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September 01, 2020 10:27am
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UN Sec-Gen warns Russia-Ukraine conflict is leading world into 'wider war'

UN chief António Guterres warned that the war between Russia and Ukraine could lead to a "wider war," and called for the world to adopt a New Agenda for Peace.

United Nations Secretary-General António Guterres presented a bleak outlook on the future and the need to take dramatic action to avoid global catastrophe.

At a Monday briefing to the UN General Assembly on the year's priorities, Guterres noted that experts have determined that the Doomsday Clock is closer to midnight than ever.

"The Doomsday Clock is now 90 seconds to midnight, which means 90 seconds to total global catastrophe," Guterres said. "This is the closest the clock has ever stood to humanity’s darkest hour – and closer than even during the height of the Cold War."

Guterres pointed to a number of problems that the world is facing, including climate change, poverty, and war. He was particularly worried about the war in Ukraine that began when Russia invaded roughly one year ago.

"The Russian invasion of Ukraine is inflicting untold suffering on the Ukrainian people, with profound global implications. The prospects for peace keep diminishing. The chances of further escalation and bloodshed keep growing," he said. "I fear the world is not sleepwalking into a wider war. I fear it is doing so with its eyes wide open."

Guterres also pointed to the conflict between Israel and the Palestinians, as well as situations in Afghanistan, Myanmar, Haiti and the Sahel.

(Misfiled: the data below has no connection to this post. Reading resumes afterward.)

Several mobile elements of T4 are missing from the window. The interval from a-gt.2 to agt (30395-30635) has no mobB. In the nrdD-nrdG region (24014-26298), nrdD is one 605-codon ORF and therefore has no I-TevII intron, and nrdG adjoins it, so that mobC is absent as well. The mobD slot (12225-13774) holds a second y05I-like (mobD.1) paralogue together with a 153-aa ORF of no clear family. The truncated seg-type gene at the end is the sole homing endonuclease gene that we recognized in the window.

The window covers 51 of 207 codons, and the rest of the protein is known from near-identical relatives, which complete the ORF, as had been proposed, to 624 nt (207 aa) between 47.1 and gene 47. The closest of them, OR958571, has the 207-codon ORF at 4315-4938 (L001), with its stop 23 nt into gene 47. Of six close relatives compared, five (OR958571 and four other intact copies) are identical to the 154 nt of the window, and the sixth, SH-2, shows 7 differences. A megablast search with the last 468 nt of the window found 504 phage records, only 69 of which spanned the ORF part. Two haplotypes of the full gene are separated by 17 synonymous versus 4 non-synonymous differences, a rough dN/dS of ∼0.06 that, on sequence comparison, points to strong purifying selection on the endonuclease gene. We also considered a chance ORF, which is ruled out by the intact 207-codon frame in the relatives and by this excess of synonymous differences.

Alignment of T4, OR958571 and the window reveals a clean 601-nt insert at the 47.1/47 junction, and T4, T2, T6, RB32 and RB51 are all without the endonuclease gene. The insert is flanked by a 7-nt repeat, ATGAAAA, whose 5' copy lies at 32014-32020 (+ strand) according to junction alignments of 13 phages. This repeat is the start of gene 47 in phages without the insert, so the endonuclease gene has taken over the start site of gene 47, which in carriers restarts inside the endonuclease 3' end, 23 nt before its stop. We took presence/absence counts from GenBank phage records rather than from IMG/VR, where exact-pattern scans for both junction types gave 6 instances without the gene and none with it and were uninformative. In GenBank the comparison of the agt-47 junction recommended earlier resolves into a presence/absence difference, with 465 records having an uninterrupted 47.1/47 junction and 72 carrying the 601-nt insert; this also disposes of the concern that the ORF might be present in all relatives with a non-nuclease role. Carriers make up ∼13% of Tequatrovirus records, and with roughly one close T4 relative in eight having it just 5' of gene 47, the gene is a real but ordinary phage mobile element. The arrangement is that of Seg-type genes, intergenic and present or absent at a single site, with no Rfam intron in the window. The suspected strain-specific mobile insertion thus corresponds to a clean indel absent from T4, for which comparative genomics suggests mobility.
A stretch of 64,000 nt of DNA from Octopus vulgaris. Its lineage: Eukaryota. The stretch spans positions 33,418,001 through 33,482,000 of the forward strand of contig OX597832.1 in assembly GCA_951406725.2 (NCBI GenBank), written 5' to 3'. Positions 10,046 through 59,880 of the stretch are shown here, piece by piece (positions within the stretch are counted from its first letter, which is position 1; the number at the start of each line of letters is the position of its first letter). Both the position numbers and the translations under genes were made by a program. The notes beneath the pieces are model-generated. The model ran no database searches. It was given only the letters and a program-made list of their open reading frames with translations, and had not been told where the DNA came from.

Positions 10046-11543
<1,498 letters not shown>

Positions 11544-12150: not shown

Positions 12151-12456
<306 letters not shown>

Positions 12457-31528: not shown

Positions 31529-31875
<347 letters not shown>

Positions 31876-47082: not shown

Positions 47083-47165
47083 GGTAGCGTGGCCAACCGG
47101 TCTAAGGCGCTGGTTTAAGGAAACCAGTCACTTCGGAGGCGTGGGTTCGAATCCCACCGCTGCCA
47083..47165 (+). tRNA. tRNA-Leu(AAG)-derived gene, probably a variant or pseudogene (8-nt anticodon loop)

Guterres said the world needs to look to the UN's charter to work toward peace.

"If every country fulfilled its obligations under the charter, the right to peace would be guaranteed," he said. "When countries break those pledges, they create a world of insecurity for everyone."

Guterres said that the Doomsday Clock in reality "is a global alarm clock."

"We need to wake up – and get to work," he said.

With that in mind, he called for a New Agenda for Peace that has "to address all forms and domains of threats, old and new."

This, he said, included ending "the threat posed by 13,000 nuclear weapons held in arsenals around the world," as well as "such measures as international bans on cyberattacks on civilian infrastructure, and internationally agreed limits on lethal autonomous weapons systems."


"This year," he said, "let’s move forward together with bold, innovative approaches so that the United Nations can better fulfill its promise "to save succeeding generations from the scourge of war." 

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